The logical complexity of the linear MJEnumRule (represented by the number of join expressions resulting from applying the rule recursively) is ˜n2^{n−1}, where n is the number of JBB children. The number of total cascades groups, including those of the JBBCs and the top most Multi-Join, is 2^{n}−1. The number of join orders covered by the result join combinations is n!. Zigzag MJEnumRule This rule, when called recursively on the Multi-Joins, enumerates the entire zigzag search space of the join tree (including left and right linear trees). The rule is similar to the linear MJEnumRule except that it produces a commutative pair of substitutes for every substitute in the linear rule.
The logical complexity of the zigzag MJEnumRule is ˜n2^{n}. The number of total cascades groups, including those of the JBBCs and the top most Multi-Join, is 2^{n}−1. The number of join orders covered by the result join combinations is n!2^{n−2}. Zigzag search space can also be enumerated via the left linear MJEnumRule combined with Join Commutivity rule. Bushy MJEnumRule This rule, when called recursively on the Multi-Joins, enumerate the entire bushy search space of the join tree. This is a much larger search space that is a superset of the other two search spaces.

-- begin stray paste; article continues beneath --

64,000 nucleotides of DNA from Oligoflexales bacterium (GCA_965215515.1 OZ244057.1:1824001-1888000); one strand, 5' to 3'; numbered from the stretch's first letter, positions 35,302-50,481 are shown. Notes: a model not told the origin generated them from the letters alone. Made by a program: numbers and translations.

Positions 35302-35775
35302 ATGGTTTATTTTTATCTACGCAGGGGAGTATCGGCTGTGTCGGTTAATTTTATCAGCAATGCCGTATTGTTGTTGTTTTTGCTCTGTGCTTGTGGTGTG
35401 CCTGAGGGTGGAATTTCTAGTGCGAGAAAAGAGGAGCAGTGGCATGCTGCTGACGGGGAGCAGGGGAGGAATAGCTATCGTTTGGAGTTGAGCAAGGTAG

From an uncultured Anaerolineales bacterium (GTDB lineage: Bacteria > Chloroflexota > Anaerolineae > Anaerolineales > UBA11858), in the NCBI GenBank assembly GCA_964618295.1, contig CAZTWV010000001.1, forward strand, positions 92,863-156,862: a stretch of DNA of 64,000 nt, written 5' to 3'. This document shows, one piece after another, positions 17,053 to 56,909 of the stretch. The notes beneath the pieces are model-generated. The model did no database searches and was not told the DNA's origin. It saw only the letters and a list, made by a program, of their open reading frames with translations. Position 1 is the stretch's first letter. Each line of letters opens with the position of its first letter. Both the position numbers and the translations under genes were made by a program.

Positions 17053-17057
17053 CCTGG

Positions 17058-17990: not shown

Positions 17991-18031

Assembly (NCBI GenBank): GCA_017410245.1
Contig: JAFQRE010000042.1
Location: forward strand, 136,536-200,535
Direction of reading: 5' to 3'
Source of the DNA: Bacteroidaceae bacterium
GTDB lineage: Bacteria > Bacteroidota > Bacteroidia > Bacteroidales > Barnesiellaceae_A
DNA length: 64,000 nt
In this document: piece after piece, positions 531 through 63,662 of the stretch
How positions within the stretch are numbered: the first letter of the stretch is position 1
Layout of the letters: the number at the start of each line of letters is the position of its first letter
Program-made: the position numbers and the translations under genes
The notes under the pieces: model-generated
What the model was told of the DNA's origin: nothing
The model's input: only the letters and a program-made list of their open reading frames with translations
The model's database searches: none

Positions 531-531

The logical complexity of the bushy MJEnumRule is ˜3^{n}. The number of total cascades groups, including those of the JBBCs and the top most Multi-Join, is 2^{n}−1. The number of join orders covered by the result join combinations is (2n−2)!/(n−1)!. MJEnumRule and LeftShiftRule The plain implementation of the MJEnumRule has similar complexity to the plain JoinCommutivity and LeftShift rules (which we will refer to as the join enumeration rules). The main advantage of the MJEnumRule is that it offers a better scheme for join order traversing and pruning. Fine control over search space traversing and the enabling of logical expression pruning are essential features in a good enumeration scheme. The main problem with join enumeration rules is the limited scope to which they apply. The binding of LeftShiftRule is only two levels deep in the join tree. This limits what the rule can do, and makes it dependent on other rules invocations. In order for LeftShiftRule to work properly, an ExploreGroupTask (described in U.S. Pat. No. 5,819,255) for the left child group is scheduled ahead of the rule. This is done in order to ensure the LeftShiftRule finds all its bindings and considers all of its potential substitutes. The ExploreGroupTask on the child group translates into ExploreExprTasks (also described in U.S. Pat. No. 5,819,255) on all expressions in the group including any join node in the group. Now again, when exploring such join, an ExploreGroupTask for the join left child is scheduled ahead of LeftShiftRule of the join. As a result, LeftShiftRule is propagated all the way down the join tree until the pattern is not found (bottom of join tree) or the rule has been already applied (or marked as applied) to all join expressions in the group. In the case of the bottom most join node in the tree, a JoinCommutivityRule is scheduled. The application of the MJEnumRule on a Multi-Join MJ(S) does not depend on a rule application on any of MJ(S) siblings or children. MJEnumRules do not require any exploration from its children since they have all the information needed to generate all potential substitutes. This is a fundamental difference from the LeftShiftRule which requires the join enumeration rules to have successfully completed on the join left child and down recursively. Although this difference has no significance for the plain implementation of the rules, it becomes very significant when pruning is considered. MJEnumRule can prune large chunks of the logical search space without the need for expensive exploration of the children. In a way Multi-Join rules allow for more breadth in our depth-first-search-like traversing of the query tree. This is because pruning decisions could be made at higher levels in the tree without the need to explore or optimize much of the query subtree. Because of the strong dependency between the different invocations of join enumeration rules, pruning the result of any enumeration rule may have undesired consequences. The invocation of an enumeration rule on a certain join expression has impacts on the creation of another sibling or kin joins by another rule later. Suppose that based on lower bound pruning or heuristic pruning we decided to prune the result of a certain join enumeration rule. Since other enumeration rules applying to parent join expressions assume the exploration of that group, we cannot discard that ‘pruned’ result. In theory, we may even need to explore it in order to ensure the parent join rules fire properly (In this particular case, exploration is usually not needed due to our compact implementation of the join enumeration rules). In order to demonstrate the difference between the way MJEnumRule and join enumeration rules work, we show below how each rule set works on a simple 4-way join query, without any pruning. We follow that with an exercise that shows the difficulty in pruning join enumeration rules in comparison to MJEnumRule. Now, consider the following query: